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Epidemiology of Hepatitis C

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Epidemiology of Hepatitis C

Prevalence of Hepatitis C Infection in the General Population in the United States

The hepatitis C virus (HCV) is an RNA virus classified within the Flaviviridae family.(1) Before the characterization of the virus, a diagnosis of viral hepatitis was largely one of exclusion (ie, non-A, non-B hepatitis). Early studies demonstrated that non-A, non-B hepatitis was associated with blood transfusions.(2,3,4) Population-based sentinel surveillance conducted by the Centers for Disease Control and Prevention demonstrated that this disease accounted for 15% to 20% of community-acquired viral hepatitis in the United States.(5) After the virus was cloned in 1988, studies demonstrated that HCV was the primary cause of community-acquired non-A, non-B hepatitis in the United States.(5,6) Data from the Third National Health and Nutrition Survey (1988-1994) estimate that there are approximately 3.9 million non-institutionalized, civilian Americans who have been infected with HCV.(7) Of these, 2.7 million have chronic infection, making HCV the most common chronic blood-borne infection in the United States. Perhaps the majority of those infected are unaware of their infection because they do not currently have signs or symptoms of disease. The highest prevalence of infection is found among those with repeated, direct percutaneous exposures to blood (eg, injection drug users, recipients of blood transfusions from HCV-positive donors, and persons with hemophilia who were treated with clotting factor concentrates before 1987). The estimated prevalence of infection varies greatly among different geographic locations and selected populations in the United States according to the varying prevalence of risk factors for infection.

Prevalence of Hepatitis C Infection in Veterans

The true prevalence of hepatitis C infection among veterans is unknown, but survey data suggest that hepatitis C has a higher prevalence in veterans who are currently using the VA system than in the U.S. population as a whole. Data from the National VA Screening Day in March of 1999 demonstrated that 6.6% of veterans who had blood drawn for other purposes on that day were HCV seropositive(8). In a recent study published by Sloan et al, 37,398 veterans from the VA health care system in the Pacific Northwest were tested for anti-HCV antibodies, and 8,230 (21.7%) were positive.(9) 45.8% of the seropositive veterans were between the ages of 40 and 49 years. The prevalence of anti-HCV among male US shipboard military personnel scheduled for deployment to South America/West Africa and the Mediterranean was approximately 0.4% (9/2072)(10). The prevalence of anti-HCV among a cohort of active-duty US marines stationed in Okinawa, Japan was 0.2% (2/1010).(11) Therefore, the prevalence of antibodies to HCV varies substantially according to the different military populations considered. In general, the prevalence in active duty military personnel appears to be lower than the prevalence in veterans.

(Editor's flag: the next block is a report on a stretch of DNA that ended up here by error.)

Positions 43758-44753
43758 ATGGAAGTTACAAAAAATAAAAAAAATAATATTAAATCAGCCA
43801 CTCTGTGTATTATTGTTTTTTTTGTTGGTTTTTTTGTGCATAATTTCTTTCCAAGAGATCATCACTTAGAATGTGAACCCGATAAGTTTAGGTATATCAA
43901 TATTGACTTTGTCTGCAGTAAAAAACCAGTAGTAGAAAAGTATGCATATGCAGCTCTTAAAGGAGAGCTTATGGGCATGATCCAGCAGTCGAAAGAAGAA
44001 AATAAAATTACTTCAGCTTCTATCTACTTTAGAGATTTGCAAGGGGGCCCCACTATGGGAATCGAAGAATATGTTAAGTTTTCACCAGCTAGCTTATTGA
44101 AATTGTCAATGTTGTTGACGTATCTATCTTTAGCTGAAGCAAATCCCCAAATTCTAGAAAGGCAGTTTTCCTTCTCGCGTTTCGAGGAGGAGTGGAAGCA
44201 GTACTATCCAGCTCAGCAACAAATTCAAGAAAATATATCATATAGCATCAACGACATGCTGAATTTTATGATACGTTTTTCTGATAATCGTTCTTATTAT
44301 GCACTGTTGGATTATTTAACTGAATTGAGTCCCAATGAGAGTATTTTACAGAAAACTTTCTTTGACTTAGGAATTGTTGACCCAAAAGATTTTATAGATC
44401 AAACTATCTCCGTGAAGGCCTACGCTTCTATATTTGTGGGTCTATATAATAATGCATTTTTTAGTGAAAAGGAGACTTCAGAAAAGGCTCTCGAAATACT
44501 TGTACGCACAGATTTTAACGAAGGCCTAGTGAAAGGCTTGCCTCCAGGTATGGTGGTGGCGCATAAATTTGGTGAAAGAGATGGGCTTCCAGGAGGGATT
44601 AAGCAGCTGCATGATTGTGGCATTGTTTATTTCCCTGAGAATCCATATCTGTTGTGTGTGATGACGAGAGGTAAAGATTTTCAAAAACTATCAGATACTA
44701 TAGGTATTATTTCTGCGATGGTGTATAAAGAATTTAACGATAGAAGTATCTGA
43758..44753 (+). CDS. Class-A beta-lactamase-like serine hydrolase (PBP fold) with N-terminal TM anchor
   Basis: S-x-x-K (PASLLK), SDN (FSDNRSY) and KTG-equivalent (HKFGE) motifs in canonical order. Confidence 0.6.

References

  1. Simmonds P, et al. Classification of hepatitis C virus into six major genotypes and a series of subtypes by phylogenetic analysis of the NS-5 regionLink will take you outside the VA website.. J Gen Virol 1993;74:2391-9.
  2. Alter HJ, et al. Detection of antibody to hepatitis C virus in prospectively followed transfusion recipients with acute and chronic non-A, non-B hepatitisLink will take you outside the VA website.. N Engl J Med 1989;321:1494-500.
  3. Aach RD, et al. Hepatitis C virus infection in post-transfusion hepatitis: an analysis with first- and second-generation assaysLink will take you outside the VA website.. N Engl J Med 1991;325:1325-9.
  4. Alter MJ, et al. The natural history of community-acquired hepatitis C in the United States. The Sentinel Counties Chronic Non-A, Non-B Hepatitis Study TeamLink will take you outside the VA website.. N Engl J Med 1992;327:1899-905.
  5. Centers for Disease Control and Prevention. Recommendations for prevention and control of hepatitis C virus (HCV) infection and HCV-related chronic diseaseLink will take you outside the VA website.. MMWR 1998;47(RR-19):1-39.
  6. Alter MJ, et al. Risk factors for acute non-A, non-B hepatitis in the United States and association with hepatitis C virus antibodyLink will take you outside the VA website.. JAMA 1990; 264:2231-5.
  7. Alter MJ, et al. The prevalence of hepatitis C virus infection in the United States, 1988 through 1994Link will take you outside the VA website.. N Engl J Med 1999;341:556-562.
  8. Kralovic SM, et al. National Hepatitis C Surveillance Day in the Veterans Health Administration of the Department of Veterans Affairs. Mil Med 2002;167:756-759.
  9. Sloan KL, et al. Hepatitis C tested prevalence and comorbidities among veterans in the US NorthwestLink will take you outside the VA website.. J Clin Gastroenterol 2004;38:279-284.
  10. Hawkins RE, et al. Risk of viral hepatitis among military personnel assigned to US navy shipsLink will take you outside the VA website.. J Infect Dis 1992;165:716-719.
  11. Brodine SK, et al. The risk of human T cell leukemia virus and viral hepatitis infection among US marines stationed in Okinawa, JapanLink will take you outside the VA website.. J Infect Dis 1995;171:693-6.